ARTICLE | November 21, 2023 | Authored by RSM US LLP
Skyscrapers are designed to sway. If they were too rigid, high winds or earthquakes would crack their structures. They are built to be resilient under all kinds of unforeseen conditions.
Similarly, an organization cannot afford to be rigid and inflexible. Successful companies are resilient.
Operational resiliency is a company’s ability to anticipate, prepare for, respond to and recover from unanticipated disruptions while continuing to deliver its core products and services. Creating resiliency is a proactive endeavor that focuses on building an organization’s capacity to absorb shocks and adapt swiftly to evolving circumstances.
Companies with a high degree of resiliency can withstand unexpected challenges or even full-blown crises. The key is to create a business model that is powerful and efficient, yet adaptable enough to address the sudden problems—anything from cyberattacks to natural disasters to supply chain disruptions—that can plague a business.
But how does a company accomplish that?
Many third-party organizations provide business motion analyses, which gather information about a company’s level of resiliency. This type of analysis examines relevant criteria across an organization, such as the company’s industry, strategy, governance, communication approach, decision-making structure and other factors, coupled with a deep systematic study, now AI-driven, of the movement and flow of tasks, activities and information within the organization. The outcome identifies inefficiencies, bottlenecks and areas for improvement to optimize the overall performance and effectiveness of the business operations. A thorough analysis will also provide an objective look at how prepared a company is for an emergency.
This analysis does not necessarily identify specific threats. Instead, motion analysis assesses if the company is ready for the day when something goes wrong.
Companies that lack resilience put themselves at risk for a host of problems, including the following:
In some cases, a lack of resiliency could even mean the end of the company altogether. It’s crucial, therefore, to understand the components of operational resiliency and how to enhance them.
There are several pillars that support the concept of operational resiliency. Perhaps the most foundational of these is risk management.
A comprehensive understanding of potential risks consists of identifying a company’s vulnerabilities in processes, systems, suppliers, partners and external factors, then assessing their potential impact. By obtaining a clear view of these risks, organizations can create targeted strategies to mitigate them.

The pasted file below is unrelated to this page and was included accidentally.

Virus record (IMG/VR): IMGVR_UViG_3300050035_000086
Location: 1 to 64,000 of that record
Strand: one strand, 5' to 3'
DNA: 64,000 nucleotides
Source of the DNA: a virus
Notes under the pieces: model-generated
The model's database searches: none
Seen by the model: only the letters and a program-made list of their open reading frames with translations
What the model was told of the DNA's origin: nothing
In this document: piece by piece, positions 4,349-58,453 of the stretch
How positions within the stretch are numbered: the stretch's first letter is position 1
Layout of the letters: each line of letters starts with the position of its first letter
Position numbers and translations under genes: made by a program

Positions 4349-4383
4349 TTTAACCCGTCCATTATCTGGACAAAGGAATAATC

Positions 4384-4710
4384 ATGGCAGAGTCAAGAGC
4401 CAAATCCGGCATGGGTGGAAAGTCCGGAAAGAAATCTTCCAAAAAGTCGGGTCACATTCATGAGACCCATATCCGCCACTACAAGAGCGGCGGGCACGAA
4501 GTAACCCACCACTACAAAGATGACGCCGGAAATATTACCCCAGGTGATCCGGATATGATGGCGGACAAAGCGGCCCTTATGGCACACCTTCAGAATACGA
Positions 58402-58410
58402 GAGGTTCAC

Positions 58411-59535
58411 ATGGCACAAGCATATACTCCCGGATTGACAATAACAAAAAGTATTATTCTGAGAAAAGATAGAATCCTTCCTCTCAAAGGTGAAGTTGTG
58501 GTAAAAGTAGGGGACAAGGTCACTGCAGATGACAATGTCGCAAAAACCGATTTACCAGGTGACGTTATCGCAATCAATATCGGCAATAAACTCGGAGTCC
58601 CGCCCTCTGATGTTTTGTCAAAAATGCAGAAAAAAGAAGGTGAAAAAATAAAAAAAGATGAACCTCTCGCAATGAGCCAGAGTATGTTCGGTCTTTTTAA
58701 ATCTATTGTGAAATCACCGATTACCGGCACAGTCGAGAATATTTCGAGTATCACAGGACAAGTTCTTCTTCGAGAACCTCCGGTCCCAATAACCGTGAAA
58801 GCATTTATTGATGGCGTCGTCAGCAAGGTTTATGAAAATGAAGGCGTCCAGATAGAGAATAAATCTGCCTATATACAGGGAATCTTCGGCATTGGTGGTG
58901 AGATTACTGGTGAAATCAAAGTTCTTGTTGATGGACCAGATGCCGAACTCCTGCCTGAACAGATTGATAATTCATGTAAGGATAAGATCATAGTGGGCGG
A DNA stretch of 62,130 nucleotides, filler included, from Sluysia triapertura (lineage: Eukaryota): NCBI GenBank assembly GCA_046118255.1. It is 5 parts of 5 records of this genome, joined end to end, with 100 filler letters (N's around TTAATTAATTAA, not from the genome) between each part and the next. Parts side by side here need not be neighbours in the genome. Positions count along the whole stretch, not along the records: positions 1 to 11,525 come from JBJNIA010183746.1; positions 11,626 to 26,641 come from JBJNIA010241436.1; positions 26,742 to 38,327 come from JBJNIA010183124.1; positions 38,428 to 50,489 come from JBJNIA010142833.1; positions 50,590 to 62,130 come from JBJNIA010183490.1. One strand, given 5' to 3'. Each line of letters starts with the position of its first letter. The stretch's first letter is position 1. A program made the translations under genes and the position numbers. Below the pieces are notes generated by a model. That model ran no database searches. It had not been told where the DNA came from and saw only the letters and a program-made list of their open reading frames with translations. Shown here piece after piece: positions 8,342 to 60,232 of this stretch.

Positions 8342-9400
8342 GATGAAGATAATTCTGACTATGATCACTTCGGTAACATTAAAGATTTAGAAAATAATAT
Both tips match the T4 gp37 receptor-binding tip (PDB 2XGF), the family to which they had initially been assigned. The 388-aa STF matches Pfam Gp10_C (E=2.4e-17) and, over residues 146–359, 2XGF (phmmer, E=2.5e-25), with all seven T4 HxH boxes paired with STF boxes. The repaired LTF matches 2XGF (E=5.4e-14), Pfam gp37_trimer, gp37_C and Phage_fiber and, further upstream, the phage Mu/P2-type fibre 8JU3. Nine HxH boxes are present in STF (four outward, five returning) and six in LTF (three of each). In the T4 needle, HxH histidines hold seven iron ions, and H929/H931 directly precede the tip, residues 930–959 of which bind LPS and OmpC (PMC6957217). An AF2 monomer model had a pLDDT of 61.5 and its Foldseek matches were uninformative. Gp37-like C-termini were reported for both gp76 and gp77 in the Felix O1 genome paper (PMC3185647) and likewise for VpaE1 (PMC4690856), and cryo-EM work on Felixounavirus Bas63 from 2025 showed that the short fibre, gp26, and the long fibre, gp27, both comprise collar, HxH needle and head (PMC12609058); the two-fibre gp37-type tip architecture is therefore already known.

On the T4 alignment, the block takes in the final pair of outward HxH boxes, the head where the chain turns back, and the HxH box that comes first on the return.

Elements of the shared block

A well-structured risk assessment can incorporate everything from testing a company’s cybersecurity to analyzing geopolitical issues that could disrupt the organization’s functions, among other factors. Potential risks can be obvious or hidden, major or minor, direct or indirect. In all cases, the resilient company has completed scenario planning that at least considers the possibility of these risks becoming a reality.
Companies must maintain their essential functions even during a crisis. This involves formulating contingency plans, establishing alternative work sites, designing flexible processes and implementing communication protocols to ensure seamless collaboration among employees and stakeholders.
For example, natural disasters cannot be contained. However, resilient organizations find a way to keep working even when Mother Nature wants to shut the company down.
It’s not just about assessing worst-case situations. It is about running through scenarios, coming up with solutions and being prepared to implement them when disaster strikes.
Technology plays a crucial role in operational resiliency. However, many organizations suffer from siloed data that is stored across different systems, and in such cases, vital information goes unused or unexamined. Embracing digital transformation enables organizations to quickly adapt to changing conditions and to make decisions in real time.
Redundancy in critical systems, regular data backups and strong cybersecurity measures are vital to prevent, or recover from, cyberattacks or technical failures. In addition, new tools are being developed constantly, and companies need to keep up to date on the best systems to bolster their resiliency.
Perhaps more importantly, access to real-time insights—gathered from the volumes of data collected and stored—enables management teams to make critical decisions quickly when faced with the unexpected.
Resilient organizations are led by individuals who make thoughtful and data-driven decisions under pressure and guide their teams through challenging times. Adaptive leaders foster a culture of trust, preparedness, open communication and timely decision-making, which are essential in times of crisis.
As with every aspect of leadership, the tone that is set becomes contagious. Flexible leaders inspire flexibility in others within the organization. Leaders who panic provoke more panic. Resiliency is a trait that filters down through a company.
Operational resiliency is not a luxury. It is a necessity for companies that want to stay relevant in today’s dynamic business environment.
By identifying risks, building sound strategies and fostering a culture of adaptability, organizations can navigate crises with strength and agility. Operational resiliency equips businesses to overcome challenges and emerge even stronger than before.
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This article was written by RSM US LLP and originally appeared on 2023-11-21.
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